The indefinite closure of bars and pubs in the UK has not only impacted operators, but has come at a heavy cost to spirits manufacturers as well. Diageo, the company behind big British brands Smirnoff, Johnnie Walker, Baileys and Guinness, has reportedly withdrawn its annual sales and profit forecast, as developments around Covid-19 continue to create instability in the market. Similar announcements have been seen across other industries, indicating the volatile state of the global economy, and seriously damaging both investor and consumer confidence.

In the UK, 28% of consumers stated that they have either stopped or are buying less spirits since the Covid-19 outbreak. The pandemic has changed priorities for many consumers, with early lockdown seeing an increased focus on what was considered essential products. Spirits in the UK are also associated with sociable outings or house parties – unlike wine for instance, which can be enjoyed with a meal – and, with on-trade outlets suspended, this severely limits typical occasions for spirit consumption. This does not bode well for spirits manufacturers such as Diageo, which may find it difficult to divert losses from the on-trade channel to that of off-trade retailers.

It is also likely that this will lead to price hikes for spirits in the UK. However, that poses its own dangers; nearly a third of UK consumers have either stopped buying or are buying cheaper alcoholic beverages owing to a limited budget. The economy has been hit hard by the pandemic, and this, combined with uncertainty on how the year will play out, is driving value consciousness among consumers. Although the immediate impact lifting lockdown restrictions may see an outburst of celebratory spending as bars and pubs reopen, this will not last long, with expectations for consumer behaviour to follow similar patterns to that of the 2008 economic crash.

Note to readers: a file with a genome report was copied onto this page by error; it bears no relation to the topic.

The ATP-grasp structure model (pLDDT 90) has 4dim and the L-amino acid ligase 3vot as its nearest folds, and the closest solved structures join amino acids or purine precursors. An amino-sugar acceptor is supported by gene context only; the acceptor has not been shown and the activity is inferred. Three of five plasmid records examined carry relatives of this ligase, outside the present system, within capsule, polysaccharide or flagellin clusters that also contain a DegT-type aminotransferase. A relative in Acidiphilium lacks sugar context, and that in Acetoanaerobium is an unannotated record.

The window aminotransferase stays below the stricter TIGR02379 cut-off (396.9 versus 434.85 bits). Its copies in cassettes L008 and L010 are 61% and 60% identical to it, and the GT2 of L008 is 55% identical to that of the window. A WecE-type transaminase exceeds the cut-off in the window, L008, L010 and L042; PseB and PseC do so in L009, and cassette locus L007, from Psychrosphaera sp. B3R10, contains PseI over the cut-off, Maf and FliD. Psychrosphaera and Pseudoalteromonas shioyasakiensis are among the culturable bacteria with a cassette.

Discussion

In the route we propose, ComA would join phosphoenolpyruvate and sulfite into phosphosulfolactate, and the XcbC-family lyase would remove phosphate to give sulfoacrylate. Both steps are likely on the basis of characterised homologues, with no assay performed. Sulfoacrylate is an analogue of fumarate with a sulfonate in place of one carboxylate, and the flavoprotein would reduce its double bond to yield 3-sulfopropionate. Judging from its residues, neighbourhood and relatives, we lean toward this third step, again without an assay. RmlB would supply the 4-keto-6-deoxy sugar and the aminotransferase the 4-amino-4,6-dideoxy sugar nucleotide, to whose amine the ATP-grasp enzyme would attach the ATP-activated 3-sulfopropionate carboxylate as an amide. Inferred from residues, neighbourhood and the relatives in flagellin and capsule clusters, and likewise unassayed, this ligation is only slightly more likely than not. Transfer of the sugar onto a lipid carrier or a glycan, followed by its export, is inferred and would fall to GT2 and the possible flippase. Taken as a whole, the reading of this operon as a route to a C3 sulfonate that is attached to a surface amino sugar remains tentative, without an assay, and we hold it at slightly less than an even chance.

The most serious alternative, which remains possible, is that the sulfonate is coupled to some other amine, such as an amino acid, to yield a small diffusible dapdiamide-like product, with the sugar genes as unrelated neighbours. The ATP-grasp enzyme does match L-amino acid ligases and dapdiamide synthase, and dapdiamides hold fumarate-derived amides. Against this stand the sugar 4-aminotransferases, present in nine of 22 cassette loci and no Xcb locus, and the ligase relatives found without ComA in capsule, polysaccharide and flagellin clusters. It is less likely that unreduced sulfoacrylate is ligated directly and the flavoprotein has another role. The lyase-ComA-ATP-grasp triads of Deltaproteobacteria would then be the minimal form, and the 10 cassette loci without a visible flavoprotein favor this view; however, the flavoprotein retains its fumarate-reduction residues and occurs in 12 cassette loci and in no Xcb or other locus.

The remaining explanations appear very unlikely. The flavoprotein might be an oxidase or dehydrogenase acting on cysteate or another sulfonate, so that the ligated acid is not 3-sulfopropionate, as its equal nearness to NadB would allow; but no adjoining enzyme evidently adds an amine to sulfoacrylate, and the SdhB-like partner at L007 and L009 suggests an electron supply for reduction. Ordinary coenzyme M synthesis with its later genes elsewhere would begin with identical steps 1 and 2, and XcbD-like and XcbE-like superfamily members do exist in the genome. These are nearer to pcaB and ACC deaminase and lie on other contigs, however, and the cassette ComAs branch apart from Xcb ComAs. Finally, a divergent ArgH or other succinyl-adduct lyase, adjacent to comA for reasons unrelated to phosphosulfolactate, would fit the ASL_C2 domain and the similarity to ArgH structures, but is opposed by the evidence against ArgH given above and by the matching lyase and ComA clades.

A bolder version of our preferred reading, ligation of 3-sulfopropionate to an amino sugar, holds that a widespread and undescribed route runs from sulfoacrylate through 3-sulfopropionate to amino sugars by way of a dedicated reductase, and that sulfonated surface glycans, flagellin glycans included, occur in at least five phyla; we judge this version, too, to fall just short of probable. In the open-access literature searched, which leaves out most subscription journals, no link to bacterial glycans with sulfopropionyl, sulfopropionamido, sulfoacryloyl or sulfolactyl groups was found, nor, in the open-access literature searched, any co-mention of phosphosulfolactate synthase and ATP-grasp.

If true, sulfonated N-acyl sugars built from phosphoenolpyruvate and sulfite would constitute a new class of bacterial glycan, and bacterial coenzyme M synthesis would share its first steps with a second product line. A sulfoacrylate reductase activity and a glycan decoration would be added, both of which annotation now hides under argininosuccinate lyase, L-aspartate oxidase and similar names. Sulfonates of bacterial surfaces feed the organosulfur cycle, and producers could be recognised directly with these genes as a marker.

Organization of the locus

What’s more, the spirits industry was already under strain from growing teetotalism among younger generations. Unlike beer, which was relatively susceptible to low or no ABV innovations, spirit manufacturers had two options; march ahead with the trend and hope to appeal to these younger consumers looking for sophisticated low-alcohol beverages, or maintain the high ABV, instead targeting niche, premium and specialised categories that allowed the product to be positioned at a higher price point. Both of these innovations were coming into their own at the start of 2020, with more and more manufacturers adopting one of the two approaches. However, Covid-19 has disrupted sales, creating a challenging landscape for new launches and innovations in the spirits category.

These challenges are set to shape the UK’s alcohol beverages market, particularly in terms of spirits, and manufacturers should look to the long-term implications in order to better weather the storm ahead.

Latest reports from


Or to search over 50,000 other reports please visit

GlobalData Report Store

GlobalData is this website’s parent business intelligence company.